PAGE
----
Verbum Ultimum: A Mistake to Learn From

by The Dartmouth Editorial Board | 11/17/11 11:00pm

Last week, we all reneged on our moral responsibility to ensure that our campus is a safe, accepting place. The Dartmouth community's response to the discriminatory vandalism on the ground floor of Fahey-McLane residence hall has been delayed and half-hearted on every level. From the administration to student leaders to The Dartmouth itself, campus groups did not react to this disturbing incident in a forceful or timely manner that reflected the egregious and hateful nature of the crime. In so doing, Dartmouth students and administrators did not adequately send the message that homophobic, bigoted behavior is not tolerated here.

The lag between the Sunday, Nov. 6 discovery of the vandalism and the beginnings of a public response on Thursday, Nov. 10 is astounding. By Sunday evening, the day after homophobic slurs were found scrawled on the walls of the Fahey-McLane common room, many student leaders and College officials were aware of the incident. Yet the first public acknowledgment of the vandalism came a full four days later, when The Dartmouth published an article reporting the crime. This newspaper failed in its responsibility to keep the Dartmouth community abreast of important College developments and did not pursue information on the incident in a timely manner indicative of the act's implications. For that, we apologize.

The administration also waited too long to publicly address the incident. Dean of the College Charlotte Johnson did not send a campus-wide email condemning the vandalism until Thursday, Nov. 10. Just as alarming, Johnson had not heard from a single student regarding the vandalism prior to her email, she said in an interview with The Dartmouth Editorial Board. Student groups including Student Assembly, Gender, Sexuality XYZ and Palaeopitus Senior Society did not respond publicly until the following week, when Palaeopitus organized a whiteout and candlelight vigil on the Green. Campus' unenthusiastic response and quiet showing of solidarity exemplified by the small portion of students wearing white on Wednesday failed to make the loud denouncement of hate and intolerance that our community should demand.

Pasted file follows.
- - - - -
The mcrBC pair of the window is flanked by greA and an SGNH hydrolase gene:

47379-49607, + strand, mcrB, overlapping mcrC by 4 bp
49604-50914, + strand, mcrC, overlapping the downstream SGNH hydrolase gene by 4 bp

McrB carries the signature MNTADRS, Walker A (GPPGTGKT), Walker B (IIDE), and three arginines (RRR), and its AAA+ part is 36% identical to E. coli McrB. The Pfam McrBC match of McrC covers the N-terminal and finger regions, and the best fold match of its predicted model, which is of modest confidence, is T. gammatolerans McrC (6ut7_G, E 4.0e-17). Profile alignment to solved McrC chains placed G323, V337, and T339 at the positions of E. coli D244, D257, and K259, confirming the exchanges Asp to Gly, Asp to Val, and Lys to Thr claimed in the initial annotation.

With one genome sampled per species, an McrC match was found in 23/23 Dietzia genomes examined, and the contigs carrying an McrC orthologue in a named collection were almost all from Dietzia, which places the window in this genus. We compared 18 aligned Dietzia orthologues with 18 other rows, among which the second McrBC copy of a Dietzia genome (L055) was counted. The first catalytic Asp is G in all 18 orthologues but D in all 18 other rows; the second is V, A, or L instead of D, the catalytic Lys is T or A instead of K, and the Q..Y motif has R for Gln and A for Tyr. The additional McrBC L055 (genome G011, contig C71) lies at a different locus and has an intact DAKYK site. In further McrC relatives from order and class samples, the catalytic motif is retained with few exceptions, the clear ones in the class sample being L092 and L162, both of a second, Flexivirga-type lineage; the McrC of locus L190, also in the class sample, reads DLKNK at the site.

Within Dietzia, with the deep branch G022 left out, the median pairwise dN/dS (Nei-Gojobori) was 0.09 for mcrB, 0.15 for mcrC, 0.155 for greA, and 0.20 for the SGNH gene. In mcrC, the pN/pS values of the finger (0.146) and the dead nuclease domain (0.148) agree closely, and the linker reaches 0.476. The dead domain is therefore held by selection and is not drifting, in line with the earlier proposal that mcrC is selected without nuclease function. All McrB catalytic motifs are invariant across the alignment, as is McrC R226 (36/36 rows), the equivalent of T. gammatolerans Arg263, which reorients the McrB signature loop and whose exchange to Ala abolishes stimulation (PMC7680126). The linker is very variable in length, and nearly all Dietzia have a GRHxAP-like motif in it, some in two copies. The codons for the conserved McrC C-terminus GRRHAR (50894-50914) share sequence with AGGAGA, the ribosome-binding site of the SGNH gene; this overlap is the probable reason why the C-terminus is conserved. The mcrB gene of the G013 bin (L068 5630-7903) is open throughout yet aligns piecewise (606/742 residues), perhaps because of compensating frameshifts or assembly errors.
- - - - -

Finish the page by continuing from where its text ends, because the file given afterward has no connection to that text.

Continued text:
By contrast, when hateful graffiti was found on the wall of a dormitory at Williams College last Friday night, students were notified by email the next morning and student leaders met with administrators over the weekend. Classes were canceled on the following Monday, and students spent the day participating in discussion groups and sensitivity programming. An estimated 1,000 community members from the approximately 2,000-person college turned out for the campus march and subsequent speeches.

Canceling classes may have been a more appropriate response to the hate speech at Williams because it threatened violence, but comparing the responses to the similar incidents highlights the weakness of our community's reaction. Whereas Williams turned a negative occurrence into an opportunity for dialogue, education and the affirmation of the importance of minority students on campus, Dartmouth students and administrators alike failed to stand with a subsect of students when they needed support.

This unfortunate incident provided an opportunity to truly demonstrate the strength of the Dartmouth community. These last two weeks should have been a time in which students and administrators swiftly came together to condemn hatred and bigotry. Instead, two powerful and regrettable trends student apathy and poor communication between senior-level administrators and students combined to produce an embarrassingly slow response. We urge all members of the Dartmouth family and particularly its guardians to learn from this sad display, and to reflect on the type of community that we need to foster at Dartmouth.